Multiple times, my internet connection would drop when I am travelling. Either I am underground, or I hit a pocket of no connectivity. When that happens, it is understandable that I won’t be able to connect to the Skype network and send my messages. At this point, as a user, I would be expecting to be given an indication of my dropped connection so that I wouldn’t blindly be sending messages to another contact.
- There is no indication whether your messages are being sent out or not:
By removing “Pending” when you have sent your message, you remove the short feedback that is needed by the user to know whether their message has been sent through.
- You can still send out messages even when you are not connected:
In Whatsapp, the send button is disabled until it is connected to the network again. However, in Skype, even when in airplane mode, you can still send a message, complete with a timestamp.
It could be rationalised that Skype is taking a different approach to this negative scenario. Unlike other apps where sending a message can time out in a scenario with no internet connectivity, for Skype, your messages will be sent. Skype will immediately try to send your messages through once you hit an internet connection. So when you sent it out, you can assume that it is sent, no matter whether you have internet or not.
But this has frustrated me on countless occasions. In the middle important conversations, I am underground and I know damn well that I will lose my connection. But I needed to know whether what I have said has been sent through so that I can send a follow up message through more reliable forms like SMS.
Inability to sync across devices:
Or what I like to term “Death by notification”.
When you have multiple conversations going on, with multiple groups, you can expect messages to reach hundred, even thousands each day.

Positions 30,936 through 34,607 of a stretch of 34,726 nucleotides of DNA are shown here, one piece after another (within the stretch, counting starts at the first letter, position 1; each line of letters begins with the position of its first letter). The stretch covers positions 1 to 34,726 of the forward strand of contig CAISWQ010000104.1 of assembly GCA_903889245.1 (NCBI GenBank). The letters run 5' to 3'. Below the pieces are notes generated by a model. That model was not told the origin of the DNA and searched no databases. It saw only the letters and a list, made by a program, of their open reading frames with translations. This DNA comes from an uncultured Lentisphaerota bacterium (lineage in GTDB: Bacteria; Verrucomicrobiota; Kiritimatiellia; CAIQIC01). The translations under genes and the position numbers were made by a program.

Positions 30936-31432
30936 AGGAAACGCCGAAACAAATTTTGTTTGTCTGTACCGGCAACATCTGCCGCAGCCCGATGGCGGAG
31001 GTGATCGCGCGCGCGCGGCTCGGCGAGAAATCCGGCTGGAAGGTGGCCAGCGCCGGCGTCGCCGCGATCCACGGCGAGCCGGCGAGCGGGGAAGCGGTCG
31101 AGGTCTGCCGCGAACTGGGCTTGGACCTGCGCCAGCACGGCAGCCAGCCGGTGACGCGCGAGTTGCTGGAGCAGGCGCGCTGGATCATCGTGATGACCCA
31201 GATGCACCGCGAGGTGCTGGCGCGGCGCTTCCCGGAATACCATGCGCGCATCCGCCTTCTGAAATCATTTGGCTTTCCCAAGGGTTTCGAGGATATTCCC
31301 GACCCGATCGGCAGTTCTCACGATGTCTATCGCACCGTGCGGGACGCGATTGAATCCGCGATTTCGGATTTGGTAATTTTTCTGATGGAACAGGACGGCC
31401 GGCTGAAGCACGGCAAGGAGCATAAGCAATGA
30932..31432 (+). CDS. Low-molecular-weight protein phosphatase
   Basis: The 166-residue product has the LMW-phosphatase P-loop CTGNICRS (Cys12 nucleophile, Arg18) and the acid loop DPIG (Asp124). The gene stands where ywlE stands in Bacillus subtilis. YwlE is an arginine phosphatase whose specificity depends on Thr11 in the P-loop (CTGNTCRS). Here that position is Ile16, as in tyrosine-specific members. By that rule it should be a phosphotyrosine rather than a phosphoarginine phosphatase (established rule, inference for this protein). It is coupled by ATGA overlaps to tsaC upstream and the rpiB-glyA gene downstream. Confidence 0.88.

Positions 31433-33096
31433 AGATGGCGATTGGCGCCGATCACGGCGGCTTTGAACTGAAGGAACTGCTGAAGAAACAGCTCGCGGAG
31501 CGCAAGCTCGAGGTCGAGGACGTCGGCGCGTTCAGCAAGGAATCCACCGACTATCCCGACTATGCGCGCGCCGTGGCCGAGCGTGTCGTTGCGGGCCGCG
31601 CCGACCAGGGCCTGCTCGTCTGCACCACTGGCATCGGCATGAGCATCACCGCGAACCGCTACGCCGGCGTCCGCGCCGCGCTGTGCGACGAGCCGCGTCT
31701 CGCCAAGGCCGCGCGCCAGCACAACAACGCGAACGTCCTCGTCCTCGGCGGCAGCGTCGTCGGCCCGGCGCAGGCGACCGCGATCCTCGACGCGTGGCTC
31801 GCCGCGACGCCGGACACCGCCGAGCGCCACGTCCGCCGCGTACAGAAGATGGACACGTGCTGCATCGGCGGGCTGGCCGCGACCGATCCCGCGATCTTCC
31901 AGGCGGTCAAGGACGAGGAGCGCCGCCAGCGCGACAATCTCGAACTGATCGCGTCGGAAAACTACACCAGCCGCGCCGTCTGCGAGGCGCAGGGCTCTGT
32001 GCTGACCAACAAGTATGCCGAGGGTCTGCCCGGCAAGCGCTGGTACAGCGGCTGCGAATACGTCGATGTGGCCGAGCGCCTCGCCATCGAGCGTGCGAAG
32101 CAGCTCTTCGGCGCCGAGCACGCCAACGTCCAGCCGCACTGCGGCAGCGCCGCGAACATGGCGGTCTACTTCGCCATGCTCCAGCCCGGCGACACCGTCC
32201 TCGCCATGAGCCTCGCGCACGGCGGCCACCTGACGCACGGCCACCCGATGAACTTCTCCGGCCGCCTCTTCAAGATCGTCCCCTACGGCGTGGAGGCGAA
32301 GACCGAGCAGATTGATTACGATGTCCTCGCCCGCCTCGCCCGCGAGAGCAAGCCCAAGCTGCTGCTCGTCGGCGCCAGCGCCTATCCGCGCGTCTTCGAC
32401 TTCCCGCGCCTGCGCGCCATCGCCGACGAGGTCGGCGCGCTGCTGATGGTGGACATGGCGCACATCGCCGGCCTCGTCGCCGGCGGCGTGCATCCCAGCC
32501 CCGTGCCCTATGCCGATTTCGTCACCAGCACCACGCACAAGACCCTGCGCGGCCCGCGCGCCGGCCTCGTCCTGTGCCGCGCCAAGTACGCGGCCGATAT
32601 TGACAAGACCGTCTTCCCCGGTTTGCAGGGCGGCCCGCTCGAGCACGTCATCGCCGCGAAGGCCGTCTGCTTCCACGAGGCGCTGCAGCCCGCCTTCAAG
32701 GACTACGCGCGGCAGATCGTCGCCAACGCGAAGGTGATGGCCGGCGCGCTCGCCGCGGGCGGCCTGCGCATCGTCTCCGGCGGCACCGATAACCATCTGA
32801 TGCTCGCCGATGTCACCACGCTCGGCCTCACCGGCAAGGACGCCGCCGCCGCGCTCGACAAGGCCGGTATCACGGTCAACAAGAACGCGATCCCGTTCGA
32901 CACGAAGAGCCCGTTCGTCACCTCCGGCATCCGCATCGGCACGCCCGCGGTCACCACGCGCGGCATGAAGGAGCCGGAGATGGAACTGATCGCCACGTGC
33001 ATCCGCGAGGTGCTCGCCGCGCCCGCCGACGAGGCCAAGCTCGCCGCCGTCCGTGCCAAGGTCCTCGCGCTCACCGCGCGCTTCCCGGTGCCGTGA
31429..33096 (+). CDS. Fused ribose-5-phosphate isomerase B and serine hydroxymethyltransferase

As you are chatting on your desktop, the messages are also pushed towards your phone. So you get messages in both places.
However, there are times when the messages are not pushed towards your phone:
- Read messages on your Desktop are unread on the Skype Mobile App:
Unread messages are always indicated by the badges on the Skype iOS icon. However, because the messages aren’t sync properly, you never get an accurate count of the number of read/unread messages. Messages that you have seen on your Desktop can still be unread on your phone, which is confusing as hell.
- Delay in notification (or Death By Notification)
You have hundred, thousands of messages a day and I am constantly typing away in front of my computer, replying to messages. As this happens, my phone is silent. No notification has come in, even though surely at least 50 of them has been sent to you. Then suddenly, your phone vibrates non-stop as a flood of notifications come in, each of them are the read messages that you have seen and have already responded. It’s become so bad that I had to switch off vibration whenever I am in the office so that I don’t see it vibrate for 10 to 15 seconds as all the messages are vomited onto the screen.
This is a problem that has been apparent in the last version and you would think that with the redesign, such a big flaw should be fixed.
Well, indeed it has been “fixed”. On the Recent screen, there is a button which you can tap that will “Mark all as unread”. It’s as if the Skype team knew about this but couldn’t manage to fix it so they introduced another button to help mitigate their syncing problem.
That’s just poor.
To be honest, I love the re-design. Certain minor details could have been polished up better (which I am sure they will be) and the Skype Team did a brilliant job with their little animations and personality touches that they have placed in the app. I will continue to use it, even if it continues to frustrate me sometimes.
Microsoft, if you are reading this, please, for the love of all that is good, fix your damn syncing.